When this happens, it usually happens without the business realising as they do not have the knowledge of the technology platform to appreciate what is happening – and the ramifications of it.

Best practice says that the project should be highly business led because the reason for doing the project in the first place is to improve some aspects of the business, perhaps to save time or improve customer service, or increase the volume of sales made in a period etc.  But this also has problems.
 

 

Although the business leading the project is the ideal, care must be taken that the project does not become a vehicle for granting a smorgasbord of wishes in an uncontrolled way.
I have seen too many projects where business leadership turns into “yes sir, no sir, three bags full sir” to all requests. This unfettered granting of wishes almost always ends in tears, because many of the wishes are granted without understanding the effect that any given request will have on the project overall.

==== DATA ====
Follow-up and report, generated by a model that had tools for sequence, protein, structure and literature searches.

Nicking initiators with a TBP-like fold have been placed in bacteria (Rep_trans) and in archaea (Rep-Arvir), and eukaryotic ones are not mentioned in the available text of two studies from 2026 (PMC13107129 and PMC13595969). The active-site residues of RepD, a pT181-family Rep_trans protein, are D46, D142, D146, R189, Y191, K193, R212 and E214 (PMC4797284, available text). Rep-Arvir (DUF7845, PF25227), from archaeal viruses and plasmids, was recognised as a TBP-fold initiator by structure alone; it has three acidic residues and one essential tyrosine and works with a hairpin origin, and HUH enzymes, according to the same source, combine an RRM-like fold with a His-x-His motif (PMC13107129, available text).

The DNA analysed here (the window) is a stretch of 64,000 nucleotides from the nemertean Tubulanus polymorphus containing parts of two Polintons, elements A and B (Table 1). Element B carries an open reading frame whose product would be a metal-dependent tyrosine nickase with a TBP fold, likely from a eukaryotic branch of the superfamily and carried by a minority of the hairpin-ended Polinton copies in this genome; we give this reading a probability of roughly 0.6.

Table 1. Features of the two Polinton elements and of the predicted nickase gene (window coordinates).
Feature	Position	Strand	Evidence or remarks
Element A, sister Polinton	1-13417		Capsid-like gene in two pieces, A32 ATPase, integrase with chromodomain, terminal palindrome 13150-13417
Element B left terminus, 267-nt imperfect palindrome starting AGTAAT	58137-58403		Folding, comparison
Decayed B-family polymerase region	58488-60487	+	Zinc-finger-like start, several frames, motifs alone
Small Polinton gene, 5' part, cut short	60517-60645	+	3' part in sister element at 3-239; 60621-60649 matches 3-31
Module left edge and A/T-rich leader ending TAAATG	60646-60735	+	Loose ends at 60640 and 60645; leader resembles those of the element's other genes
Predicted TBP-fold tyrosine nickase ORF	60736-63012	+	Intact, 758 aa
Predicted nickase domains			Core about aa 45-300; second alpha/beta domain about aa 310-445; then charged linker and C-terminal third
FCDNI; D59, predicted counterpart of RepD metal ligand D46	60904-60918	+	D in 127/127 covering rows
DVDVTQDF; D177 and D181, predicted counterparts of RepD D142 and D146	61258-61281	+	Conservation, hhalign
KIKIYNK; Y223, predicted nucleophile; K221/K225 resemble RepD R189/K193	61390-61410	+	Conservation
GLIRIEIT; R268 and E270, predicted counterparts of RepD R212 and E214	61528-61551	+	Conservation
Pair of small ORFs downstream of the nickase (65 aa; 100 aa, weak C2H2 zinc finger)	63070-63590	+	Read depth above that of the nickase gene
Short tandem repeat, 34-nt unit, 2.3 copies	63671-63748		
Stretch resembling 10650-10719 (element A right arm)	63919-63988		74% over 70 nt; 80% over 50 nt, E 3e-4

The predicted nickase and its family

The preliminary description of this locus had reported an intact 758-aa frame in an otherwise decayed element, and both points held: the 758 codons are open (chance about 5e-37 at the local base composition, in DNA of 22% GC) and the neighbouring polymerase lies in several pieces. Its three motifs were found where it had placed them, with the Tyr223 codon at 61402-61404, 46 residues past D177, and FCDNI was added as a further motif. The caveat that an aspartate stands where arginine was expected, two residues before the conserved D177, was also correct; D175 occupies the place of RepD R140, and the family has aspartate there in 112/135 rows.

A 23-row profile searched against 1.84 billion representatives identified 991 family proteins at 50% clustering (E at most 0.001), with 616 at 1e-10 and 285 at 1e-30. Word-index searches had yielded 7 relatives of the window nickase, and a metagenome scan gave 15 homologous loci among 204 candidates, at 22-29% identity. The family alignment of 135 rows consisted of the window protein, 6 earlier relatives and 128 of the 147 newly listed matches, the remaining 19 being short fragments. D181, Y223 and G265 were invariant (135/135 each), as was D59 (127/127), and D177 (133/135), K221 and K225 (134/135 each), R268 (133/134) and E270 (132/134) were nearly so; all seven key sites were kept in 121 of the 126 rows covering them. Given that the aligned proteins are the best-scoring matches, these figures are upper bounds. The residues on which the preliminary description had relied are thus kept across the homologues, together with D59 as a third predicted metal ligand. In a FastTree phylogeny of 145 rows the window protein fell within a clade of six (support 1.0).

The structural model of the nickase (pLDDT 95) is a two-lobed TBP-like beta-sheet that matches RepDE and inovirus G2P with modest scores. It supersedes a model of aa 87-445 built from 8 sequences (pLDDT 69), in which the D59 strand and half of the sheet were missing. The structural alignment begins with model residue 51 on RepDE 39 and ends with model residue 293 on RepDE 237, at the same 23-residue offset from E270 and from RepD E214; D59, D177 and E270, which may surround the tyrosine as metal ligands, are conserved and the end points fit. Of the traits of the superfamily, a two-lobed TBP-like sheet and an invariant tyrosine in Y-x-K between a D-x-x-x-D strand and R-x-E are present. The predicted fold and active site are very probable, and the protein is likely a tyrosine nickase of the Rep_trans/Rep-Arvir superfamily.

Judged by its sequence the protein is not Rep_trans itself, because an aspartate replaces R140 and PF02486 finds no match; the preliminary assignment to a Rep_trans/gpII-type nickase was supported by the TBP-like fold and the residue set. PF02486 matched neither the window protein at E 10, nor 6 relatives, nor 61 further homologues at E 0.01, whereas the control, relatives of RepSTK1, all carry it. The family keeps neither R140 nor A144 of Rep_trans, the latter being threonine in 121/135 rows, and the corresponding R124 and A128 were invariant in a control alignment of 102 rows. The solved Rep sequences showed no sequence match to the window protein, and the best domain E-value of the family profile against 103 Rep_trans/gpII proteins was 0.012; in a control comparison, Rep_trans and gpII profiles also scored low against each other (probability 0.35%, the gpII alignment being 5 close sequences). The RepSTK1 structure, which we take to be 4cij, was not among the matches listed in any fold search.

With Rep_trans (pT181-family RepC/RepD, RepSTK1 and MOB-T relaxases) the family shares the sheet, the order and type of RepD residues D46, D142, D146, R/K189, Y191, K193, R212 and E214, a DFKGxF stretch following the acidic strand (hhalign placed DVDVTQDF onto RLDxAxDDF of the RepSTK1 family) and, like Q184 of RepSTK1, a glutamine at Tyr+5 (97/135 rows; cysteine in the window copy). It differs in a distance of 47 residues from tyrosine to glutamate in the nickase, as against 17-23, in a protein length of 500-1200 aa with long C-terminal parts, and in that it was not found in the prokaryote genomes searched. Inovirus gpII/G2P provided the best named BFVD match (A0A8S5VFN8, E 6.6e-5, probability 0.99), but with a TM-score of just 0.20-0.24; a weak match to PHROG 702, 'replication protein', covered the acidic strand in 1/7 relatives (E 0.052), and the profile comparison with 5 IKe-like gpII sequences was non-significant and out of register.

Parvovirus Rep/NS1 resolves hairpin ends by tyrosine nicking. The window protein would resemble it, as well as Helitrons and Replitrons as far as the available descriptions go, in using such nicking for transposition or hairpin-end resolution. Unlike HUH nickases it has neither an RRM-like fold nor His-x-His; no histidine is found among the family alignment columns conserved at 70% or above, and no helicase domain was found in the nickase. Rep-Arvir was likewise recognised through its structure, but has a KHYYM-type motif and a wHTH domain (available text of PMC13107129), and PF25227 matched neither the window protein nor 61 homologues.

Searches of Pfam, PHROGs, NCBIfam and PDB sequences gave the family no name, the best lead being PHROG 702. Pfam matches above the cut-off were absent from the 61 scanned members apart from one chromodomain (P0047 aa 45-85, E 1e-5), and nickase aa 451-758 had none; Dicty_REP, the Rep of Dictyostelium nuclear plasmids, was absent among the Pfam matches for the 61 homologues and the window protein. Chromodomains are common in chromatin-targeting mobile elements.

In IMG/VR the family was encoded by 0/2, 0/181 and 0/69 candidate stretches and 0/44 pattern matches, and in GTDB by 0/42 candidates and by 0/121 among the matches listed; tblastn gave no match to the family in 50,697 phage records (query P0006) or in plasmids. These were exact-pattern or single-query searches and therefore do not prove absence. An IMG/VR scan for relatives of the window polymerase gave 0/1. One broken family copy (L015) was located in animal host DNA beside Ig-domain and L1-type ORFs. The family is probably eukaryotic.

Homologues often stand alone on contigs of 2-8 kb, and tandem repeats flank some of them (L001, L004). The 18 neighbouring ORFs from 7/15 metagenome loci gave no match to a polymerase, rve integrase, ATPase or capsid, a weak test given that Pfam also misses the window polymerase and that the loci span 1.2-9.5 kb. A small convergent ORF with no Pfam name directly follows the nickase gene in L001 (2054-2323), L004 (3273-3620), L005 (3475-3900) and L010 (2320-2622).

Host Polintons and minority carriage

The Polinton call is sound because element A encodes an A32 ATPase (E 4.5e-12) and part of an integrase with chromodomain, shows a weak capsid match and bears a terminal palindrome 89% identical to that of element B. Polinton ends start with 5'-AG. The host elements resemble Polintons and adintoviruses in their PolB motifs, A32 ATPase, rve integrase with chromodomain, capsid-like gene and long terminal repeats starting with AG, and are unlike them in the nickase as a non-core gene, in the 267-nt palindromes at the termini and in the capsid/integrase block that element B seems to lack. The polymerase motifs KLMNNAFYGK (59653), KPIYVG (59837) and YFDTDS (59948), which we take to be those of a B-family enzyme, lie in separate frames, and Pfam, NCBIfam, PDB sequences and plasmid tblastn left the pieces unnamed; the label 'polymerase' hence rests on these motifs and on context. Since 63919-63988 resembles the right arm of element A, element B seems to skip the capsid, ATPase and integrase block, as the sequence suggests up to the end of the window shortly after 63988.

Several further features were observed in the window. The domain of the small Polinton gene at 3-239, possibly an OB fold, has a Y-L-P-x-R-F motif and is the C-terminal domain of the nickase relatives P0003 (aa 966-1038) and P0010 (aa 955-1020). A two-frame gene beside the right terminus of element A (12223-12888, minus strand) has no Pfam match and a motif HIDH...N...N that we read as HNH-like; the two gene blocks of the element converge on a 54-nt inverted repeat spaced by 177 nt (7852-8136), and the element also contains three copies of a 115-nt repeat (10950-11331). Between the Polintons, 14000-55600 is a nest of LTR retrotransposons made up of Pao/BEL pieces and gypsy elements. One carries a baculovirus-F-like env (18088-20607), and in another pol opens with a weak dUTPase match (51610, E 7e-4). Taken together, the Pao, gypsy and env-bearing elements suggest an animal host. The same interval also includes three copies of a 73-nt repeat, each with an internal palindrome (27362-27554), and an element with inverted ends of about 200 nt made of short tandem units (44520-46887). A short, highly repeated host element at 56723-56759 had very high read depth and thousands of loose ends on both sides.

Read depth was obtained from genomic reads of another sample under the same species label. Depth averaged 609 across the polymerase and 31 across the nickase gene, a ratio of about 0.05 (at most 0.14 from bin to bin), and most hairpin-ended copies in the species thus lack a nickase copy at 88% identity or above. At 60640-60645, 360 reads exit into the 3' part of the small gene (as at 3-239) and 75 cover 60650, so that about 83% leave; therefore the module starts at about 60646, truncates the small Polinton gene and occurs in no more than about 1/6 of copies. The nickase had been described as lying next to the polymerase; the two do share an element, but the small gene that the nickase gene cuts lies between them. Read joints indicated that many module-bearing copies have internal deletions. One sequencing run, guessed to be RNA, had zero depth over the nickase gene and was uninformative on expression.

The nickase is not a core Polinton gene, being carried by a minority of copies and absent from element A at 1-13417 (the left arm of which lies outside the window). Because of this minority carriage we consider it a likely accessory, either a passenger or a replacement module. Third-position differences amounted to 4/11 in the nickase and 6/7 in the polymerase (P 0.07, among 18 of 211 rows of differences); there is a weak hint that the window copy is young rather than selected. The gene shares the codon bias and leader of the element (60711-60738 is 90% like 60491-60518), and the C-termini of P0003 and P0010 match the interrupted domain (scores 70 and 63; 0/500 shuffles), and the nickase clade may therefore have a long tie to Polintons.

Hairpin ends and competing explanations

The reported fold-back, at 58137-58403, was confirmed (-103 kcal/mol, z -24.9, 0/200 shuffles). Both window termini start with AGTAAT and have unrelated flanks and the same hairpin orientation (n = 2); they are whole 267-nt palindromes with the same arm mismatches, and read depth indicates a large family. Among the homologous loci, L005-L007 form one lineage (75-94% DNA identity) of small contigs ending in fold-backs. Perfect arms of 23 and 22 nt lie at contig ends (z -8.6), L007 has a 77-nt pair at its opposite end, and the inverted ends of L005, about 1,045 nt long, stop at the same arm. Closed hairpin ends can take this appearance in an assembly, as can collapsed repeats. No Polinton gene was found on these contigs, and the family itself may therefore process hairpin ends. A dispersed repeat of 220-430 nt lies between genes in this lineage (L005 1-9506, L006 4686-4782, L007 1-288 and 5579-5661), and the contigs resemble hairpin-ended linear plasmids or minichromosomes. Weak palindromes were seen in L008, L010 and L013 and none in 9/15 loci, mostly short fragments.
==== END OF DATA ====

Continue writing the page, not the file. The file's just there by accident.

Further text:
Three Bags Full
To avoid this, it is essential that the leadership of the project has enough knowledge of the technology to prevent impossible or problematic wishes being granted and to take advantage of the functionality that is already in the technology as well as enough knowledge of the business to keep the project delivering its aims and the project management skills to keep it and everyone on track.
For most CRM leaders,project sponsors and CFOs, the complexity is overwhelming, and they need help!   drowning
threekeys  

These three keys may be the life raft:

  • Your leadership team needs to have multiple, different people
  • Invest in Education
  • Keep the team small

 

Key one - Your leadership team needs to have multiple different people

 variety  

The leadership of the CRM team must include technical expertise, business knowledge, solution design skills, problem solving skills combined with the ability to lead the rest of the implementation team. It is a very rare individual indeed who offers all of these.